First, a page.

Ray’s father took the dog, stepped over the man who lay bleeding and howling in pain on the sidewalk, and began walking towards the Buick. As he passed, he noticed the scared, young girl through the open window and stopped.

“I’m sorry you had to see that ma’am, but that guy seemed to be confused about things, I just wanted to clarify the situation.”

The smile that was flashed afterward erased all apprehension for his mother, and within six months of gentlemanly courtship, the two were married. That would have been 46 years ago this winter.

Mom always had the ability to calm her husband down. In time, she persuaded him to lay off the booze. Barbara was born before their second anniversary. Six years later, they had Ray.

Their family was like any other blue-class American family as far as Ray was concerned. His father worked as a laborer in the local union, and while they weren’t rich, they always had what they needed.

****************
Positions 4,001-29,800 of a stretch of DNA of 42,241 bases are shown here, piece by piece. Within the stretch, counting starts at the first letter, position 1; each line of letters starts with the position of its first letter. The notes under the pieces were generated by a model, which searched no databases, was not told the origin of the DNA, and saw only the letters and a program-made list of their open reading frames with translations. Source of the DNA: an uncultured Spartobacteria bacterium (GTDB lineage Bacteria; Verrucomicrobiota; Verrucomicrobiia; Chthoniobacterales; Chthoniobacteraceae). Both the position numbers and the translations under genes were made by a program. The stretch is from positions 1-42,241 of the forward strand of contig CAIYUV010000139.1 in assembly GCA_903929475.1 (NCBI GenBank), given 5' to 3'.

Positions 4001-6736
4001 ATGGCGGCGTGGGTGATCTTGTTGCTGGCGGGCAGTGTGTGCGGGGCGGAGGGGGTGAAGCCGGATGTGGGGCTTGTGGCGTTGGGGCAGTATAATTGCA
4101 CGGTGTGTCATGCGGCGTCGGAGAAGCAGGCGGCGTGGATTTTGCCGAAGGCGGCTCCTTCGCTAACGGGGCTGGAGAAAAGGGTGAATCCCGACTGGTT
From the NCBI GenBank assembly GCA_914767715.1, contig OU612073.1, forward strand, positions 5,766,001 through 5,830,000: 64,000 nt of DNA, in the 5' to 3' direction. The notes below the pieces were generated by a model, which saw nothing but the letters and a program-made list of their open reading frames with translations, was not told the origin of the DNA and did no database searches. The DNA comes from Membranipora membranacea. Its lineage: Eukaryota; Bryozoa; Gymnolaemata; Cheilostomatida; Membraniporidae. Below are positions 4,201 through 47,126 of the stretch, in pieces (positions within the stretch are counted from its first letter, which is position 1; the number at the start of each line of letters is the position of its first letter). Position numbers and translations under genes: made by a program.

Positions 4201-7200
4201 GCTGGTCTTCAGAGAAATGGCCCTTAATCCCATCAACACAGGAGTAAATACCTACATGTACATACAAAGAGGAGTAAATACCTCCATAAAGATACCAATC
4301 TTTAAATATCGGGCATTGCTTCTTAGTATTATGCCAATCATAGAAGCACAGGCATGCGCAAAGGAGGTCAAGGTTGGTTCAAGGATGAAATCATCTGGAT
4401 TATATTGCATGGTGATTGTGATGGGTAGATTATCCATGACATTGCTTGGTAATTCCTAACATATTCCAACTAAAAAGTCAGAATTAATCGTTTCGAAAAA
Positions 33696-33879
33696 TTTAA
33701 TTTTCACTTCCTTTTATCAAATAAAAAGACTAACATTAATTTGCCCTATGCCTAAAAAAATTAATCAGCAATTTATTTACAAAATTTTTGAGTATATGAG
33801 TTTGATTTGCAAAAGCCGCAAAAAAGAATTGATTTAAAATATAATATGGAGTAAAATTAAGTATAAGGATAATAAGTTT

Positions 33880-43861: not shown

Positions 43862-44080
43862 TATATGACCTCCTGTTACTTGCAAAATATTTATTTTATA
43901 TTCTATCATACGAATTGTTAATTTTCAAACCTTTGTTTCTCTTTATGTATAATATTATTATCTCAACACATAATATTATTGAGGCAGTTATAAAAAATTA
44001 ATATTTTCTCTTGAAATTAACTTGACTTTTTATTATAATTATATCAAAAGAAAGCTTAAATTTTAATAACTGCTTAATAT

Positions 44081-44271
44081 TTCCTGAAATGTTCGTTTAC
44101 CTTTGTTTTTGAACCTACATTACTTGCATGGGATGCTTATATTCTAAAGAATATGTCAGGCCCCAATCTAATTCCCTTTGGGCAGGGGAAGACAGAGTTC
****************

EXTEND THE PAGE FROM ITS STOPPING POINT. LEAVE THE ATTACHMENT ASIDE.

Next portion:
When he was younger, Ray worshipped the ground his father walked on. He thought the old man was the coolest, toughest man on the planet. Sometimes his dad would put him on the back of his motorcycle and they would roar off together as mom would freak out, waving frantically from the porch. The helmet was way too big for Ray’s seven-year-old head, and he had to constantly push it up so he could see the blur of the trees as they rolled past them.

The two would return in a half hour or so to mom’s scolding, and dad would say he was sorry but everyone knew he wasn’t, and all would be forgiven. The memories of these cruises still brought a smile to Ray’s face.

One time, Ray found a Sharpie pen in the garage and decided he wanted some tattoos like his father had. Mom scrubbed his arms until they turned pink and he cried. Dad just smiled and pretended to read the paper.